Best Lacrosse Head
The head of the lacrosse stick is what often differentiates the position of each player on the team. Attackers often use a lacrosse head that has more flex and is pinched tighter at the throat for better control and accuracy on release. Defensemen use their heads for more than just ball handling, as they are tasked with stripping the ball from their opponent, so they want greater stiffness in the plastic of their heads to make poke-checking more effective in order to claim it back for their team. Goalie heads have a whole different design, as they are meant to be wider and ready to intercept the ball when it shoots toward them.
Regardless, players can all agree on two things, the head needs to be lightweight and needs to keep the ball in the pocket when the team is taking it down the field. No matter what position you play, we can help you find the best lacrosse head for your skill level and experience in the game. Check out our lacrosse head buyers guide provided below which walks you through all the essentials.
STX Eclipse Goalie Head
Warrior Nemesis Lyte Goalie Head
Maverik Lacrosse Base 2 Unstrung Goalie Head
Brine Eraser Goalie Lacrosse Head
STX Shield Goalie Head
Brine Clutch 3 Unstrung Lacrosse Head
Warrior Evo 4X Unstrung Lacrosse Head
STX Surgeon 10 500 Unstrung Head
Maverik Spider Lacrosse Head
Gait Recon XL Lacrosse Head
STX Hammer Lacrosse Head
RP3 Lacrosse Head
Warrior Revo 3 Lacrosse Head
Nike Lakota Lacrosse Head
STX X10 Lacrosse Head
The STX Eclipse is a quick and sturdy piece of gear at 11.2 ounces and best known for being the first goalie head to use open sidewalls. While it's considered an offset head, the sidewalls are straighter than other offset models. Their angled design drives the ball towards the throat for better control and increased accuracy on long clearing throws.
The stringing holes offer multiple ways of modifying the pocket for the exact fit you're looking for and you can use all styles of mesh. This allows you to literally adjust and customize the STX Eclipse exactly to your specifications.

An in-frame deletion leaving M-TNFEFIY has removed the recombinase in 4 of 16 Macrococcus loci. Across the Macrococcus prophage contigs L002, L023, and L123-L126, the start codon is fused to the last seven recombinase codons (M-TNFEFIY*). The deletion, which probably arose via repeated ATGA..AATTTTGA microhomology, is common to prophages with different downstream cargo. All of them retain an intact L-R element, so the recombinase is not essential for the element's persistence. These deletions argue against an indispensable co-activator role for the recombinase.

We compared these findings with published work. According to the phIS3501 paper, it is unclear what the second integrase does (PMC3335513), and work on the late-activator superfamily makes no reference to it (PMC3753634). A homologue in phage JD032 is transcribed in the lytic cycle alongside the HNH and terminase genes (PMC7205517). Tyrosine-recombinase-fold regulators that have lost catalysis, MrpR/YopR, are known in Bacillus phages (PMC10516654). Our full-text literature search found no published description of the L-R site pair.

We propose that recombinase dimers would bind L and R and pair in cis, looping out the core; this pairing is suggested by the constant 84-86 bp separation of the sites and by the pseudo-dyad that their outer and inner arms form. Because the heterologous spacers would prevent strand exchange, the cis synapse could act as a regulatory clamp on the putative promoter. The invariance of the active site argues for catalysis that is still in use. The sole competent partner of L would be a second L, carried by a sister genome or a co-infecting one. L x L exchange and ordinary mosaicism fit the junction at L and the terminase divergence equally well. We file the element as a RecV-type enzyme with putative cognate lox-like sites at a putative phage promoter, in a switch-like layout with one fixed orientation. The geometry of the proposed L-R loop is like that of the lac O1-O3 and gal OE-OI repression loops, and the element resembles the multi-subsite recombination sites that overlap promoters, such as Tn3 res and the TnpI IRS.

Every goalie wants this kind of control over their head and the Eclipse is simply the best goalie head on the market. It’s available in ten colors to offer you a little more self-expression but be sure to check if your league rules permit colored heads on the field before you buy.
This is a much lighter upgrade to Warrior's previous Nemesis model, employing their Noz gas assist technology which injects nitrogen into the head to deliver one of the most lightweight offset goalie heads available. But all of those air bubbles inside didn't weaken the plastic's durability as the Nemesis Lyte is stiffer than the Eclipse. Retaining the shape of the original Nemesis, the Lyte version still has Warrior's typical flared sidewall design resulting in a tighter pinch and the wide angles channel the ball securely into the pocket. This maximizes control not only in stopping the shot but when cradling and passing the ball as well.
The Base was already a pretty great head, but Maverik has worked with Adams and Turner to enhance into a head worthy for use by Team USA. First off, they made it even stiffer, for true resilience in the crease as well as making it exponentially more rigid. Maverik has also given the sidewalls a simple bracket construction on either side with reinforcements at key areas to keep the head lightweight so your response time is unhindered. You’re able to scoop up those grounders and clear them out even quicker now.
As there should be on any head at this price point, there are stringing holes galore so customizing the pocket to your liking won't be a problem. Best of all, they altered the throat design just a little bit so you get better hand placement and the widest permitted stopping area allowed to defend the cage with total confidence.
Brine gave the Eraser 2 open sidewalls a set of braces to lower the overall weight of the head even further. The result is better response times when the ball is coming at you and quicker release with greater velocity when you're clearing it back out to the field. Brine's Tru Offset design lowers the sidewalls, bringing the pocket down as deep as possible and the brackets have only added to the stiffness of the head. A wide stopping area is still a hallmark of the Eraser 2 and a thinner shaft seating offers better grip at the top hand side so your control is much improved as well. All in all, the Eraser 2 kicks some serious butt.
STX Shield Goalie Head
A lightweight head built for speed, the Shield will let you do just that between the pipes. Wide stopping area and angled sidewalls keep the ball from rebounding out of your control while retaining enough stiffness to make it a formidable obstacle to get past. This is done with STX's C-channel tech, which improves the stiffness yet leaves you just enough flex that you can still be a dominant force in the cage.